The SBA has issued three different forms for businesses to use to apply for loan forgiveness. Form 3508 is the most extensive form and can be used by any business. Form 3508EZ can be used by businesses that do not have an FTE reduction. Form 3508S is the simplest form and can generally be used by businesses with a PPP loan of $50,000 or less. A business will generally want to use the simplest form possible to lower the costs of completing the application and make the process with the lending institution simpler.

Effect of Lending Institution on Loan Forgiveness

The SBA is relying on the lending institutions for most of the detail review of loan forgiveness. The lending institutions differ greatly in their approach to that review. The lending institutions and the SBA can accept third party payroll reports to document the wage payments. However, the banks differ in their requirements for the reports to meet that requirement. If a bank does not accept a particular payroll report from your payroll provider, the business may need to tie the payroll detail to its bank statements to support the payments.

Effect of Payroll Providers on Loan Forgiveness

Many payroll providers have provided special reports to use for the PPP forgiveness process. Depending on the provider and the bank, these reports may or may not meet the bank’s requirements. In addition, these reports vary in how well they apply the PPP loan forgiveness rules. Many of the reports do not segregate owners or other employees who are exempt from the wage reduction calculations as required by the SBA forms. In addition, many of the reports do not apply the proper limitations on compensation that the calculations require. The standard payroll reports also vary greatly in their usefulness for documenting PPP forgiveness.

Effect of PPP Loans on Completing Transactions

The SBA has rules that require businesses that take part in certain transactions to complete the loan forgiveness process or establish an escrow account for the remaining balance of the loan to complete the transaction. These transactions include acquisitions, dispositions, joint ventures, and changes in ownership. Contact us if you have a transaction to which these rules might apply and we will guide you through the process.

The Loan Forgiveness Applications Are Complex

The loan forgiveness applications are very detailed and complex. Many business owners are overwhelmed with keeping their business surviving during the COVID-19 crisis and don’t have the time to devote to such an involved process. WhippleWood is experienced at preparing these applications and is only a phone call away if you need help.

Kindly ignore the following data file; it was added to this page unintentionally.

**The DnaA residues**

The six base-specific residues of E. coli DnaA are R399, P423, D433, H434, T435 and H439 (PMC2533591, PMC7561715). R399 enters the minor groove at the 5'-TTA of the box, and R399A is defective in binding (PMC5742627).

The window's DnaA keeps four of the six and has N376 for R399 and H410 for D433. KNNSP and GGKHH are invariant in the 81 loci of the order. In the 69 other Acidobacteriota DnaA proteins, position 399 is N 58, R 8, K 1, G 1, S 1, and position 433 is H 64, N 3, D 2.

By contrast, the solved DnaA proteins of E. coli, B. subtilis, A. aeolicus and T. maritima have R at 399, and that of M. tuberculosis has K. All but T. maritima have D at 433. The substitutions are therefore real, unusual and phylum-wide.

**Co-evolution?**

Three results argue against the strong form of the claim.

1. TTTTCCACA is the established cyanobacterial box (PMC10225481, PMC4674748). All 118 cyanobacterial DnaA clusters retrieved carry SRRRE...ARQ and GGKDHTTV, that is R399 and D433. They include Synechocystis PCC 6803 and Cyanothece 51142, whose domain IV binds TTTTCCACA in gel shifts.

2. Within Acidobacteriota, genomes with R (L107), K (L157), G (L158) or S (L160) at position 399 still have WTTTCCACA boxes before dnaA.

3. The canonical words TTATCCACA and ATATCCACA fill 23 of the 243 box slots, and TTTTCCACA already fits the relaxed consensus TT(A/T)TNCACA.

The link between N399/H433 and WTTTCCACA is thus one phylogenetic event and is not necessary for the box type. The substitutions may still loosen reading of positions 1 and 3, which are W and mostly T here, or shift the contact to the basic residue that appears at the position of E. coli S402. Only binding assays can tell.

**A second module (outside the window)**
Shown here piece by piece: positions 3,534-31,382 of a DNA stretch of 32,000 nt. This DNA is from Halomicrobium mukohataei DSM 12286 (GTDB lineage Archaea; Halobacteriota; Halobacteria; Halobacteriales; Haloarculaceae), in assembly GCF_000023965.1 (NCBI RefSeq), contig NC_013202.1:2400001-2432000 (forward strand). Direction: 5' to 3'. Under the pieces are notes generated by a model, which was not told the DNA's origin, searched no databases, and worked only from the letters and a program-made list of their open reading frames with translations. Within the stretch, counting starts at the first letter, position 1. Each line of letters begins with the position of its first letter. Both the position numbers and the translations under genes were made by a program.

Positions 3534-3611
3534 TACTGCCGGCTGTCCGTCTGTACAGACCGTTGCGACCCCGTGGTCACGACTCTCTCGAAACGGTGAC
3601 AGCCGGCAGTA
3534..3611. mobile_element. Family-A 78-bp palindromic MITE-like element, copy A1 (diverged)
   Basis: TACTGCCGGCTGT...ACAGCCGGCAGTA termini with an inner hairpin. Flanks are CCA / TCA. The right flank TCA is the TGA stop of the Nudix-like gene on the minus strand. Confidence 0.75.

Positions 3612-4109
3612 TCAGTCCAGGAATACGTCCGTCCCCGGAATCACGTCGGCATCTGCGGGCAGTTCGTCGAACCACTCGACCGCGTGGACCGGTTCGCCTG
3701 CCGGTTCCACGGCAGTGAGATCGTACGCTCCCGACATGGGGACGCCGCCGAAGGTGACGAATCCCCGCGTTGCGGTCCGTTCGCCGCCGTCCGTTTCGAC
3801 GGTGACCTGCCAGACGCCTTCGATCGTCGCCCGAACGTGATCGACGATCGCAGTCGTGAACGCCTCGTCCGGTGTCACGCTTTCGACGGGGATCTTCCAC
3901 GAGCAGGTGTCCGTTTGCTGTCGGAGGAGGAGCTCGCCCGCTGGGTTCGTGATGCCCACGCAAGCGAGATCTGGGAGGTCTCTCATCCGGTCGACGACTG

Appendix III – W-2 Reporting

2020 Form W-2

The following list contains items that are important to remember when filing Forms W-2 for 2020. Several items may require adjustments to Forms W-2 prior to year-end in order to accurately report fringe benefits. Your payroll company may send you a year-end package regarding certain adjustments; however, unless specifically instructed to, your payroll company may not include these adjustments for the appropriate items listed below. We can assist with any adjustments or questions you may have.

  1. Federal and State Withholding

a. It is important to ensure that withholding amounts are accurate to avoid the need to prepare corrected Forms W-2.

  1. Fringe Benefits

a. Any fringe benefit provided to an employee is taxable and must be included in the employee’s pay unless it is specifically excluded under the law. Taxable fringe benefits are reported in Box 1 of Form W-2 as wages, tips and other compensation, and if applicable, in Boxes 3 and 5 as Social Security and Medicare wages.

  1. Personal Usage of Company-Owned Vehicle

a. If you are operating your business as a corporation and are deducting a vehicle loan payment, lease payment or any vehicle expenses (i.e., gas, lube, wash, etc.), you need to adjust for any personal use of the vehicle by either of the following:

i. Report the personal usage in Box 1 of Form W-2. This option will subject the amount to Social Security taxes; or

ii. Write a personal check to the company to reimburse for personal usage. This option does not subject the reimbursement to Social Security taxes.

b. If company vehicles are provided to employees for any business, the above adjustments must be made. The Social Security tax issue is the same as those listed above. Using the first method, the Social Security tax will be paid by the employee and matched by employer. Using the second method, Social Security tax does not need to be paid.

  1. Health & Accident Insurance Premiums

a. Health and accident premiums paid by an S-Corporation for a more than 2% shareholder-employee are not deductible by the S-Corporation. The premiums must be included as wages subject to income tax but not Social Security tax. This amount is deductible on your personal return.

b. The Patient Protection and Affordable Care Act requires employers to report the aggregate reportable cost of applicable employer-sponsored coverage under an employer-sponsored group health plan on Form W-2.

i. An employer who was required to file fewer than 250 Forms W-2 for the tax year will be exempt from this reporting requirement.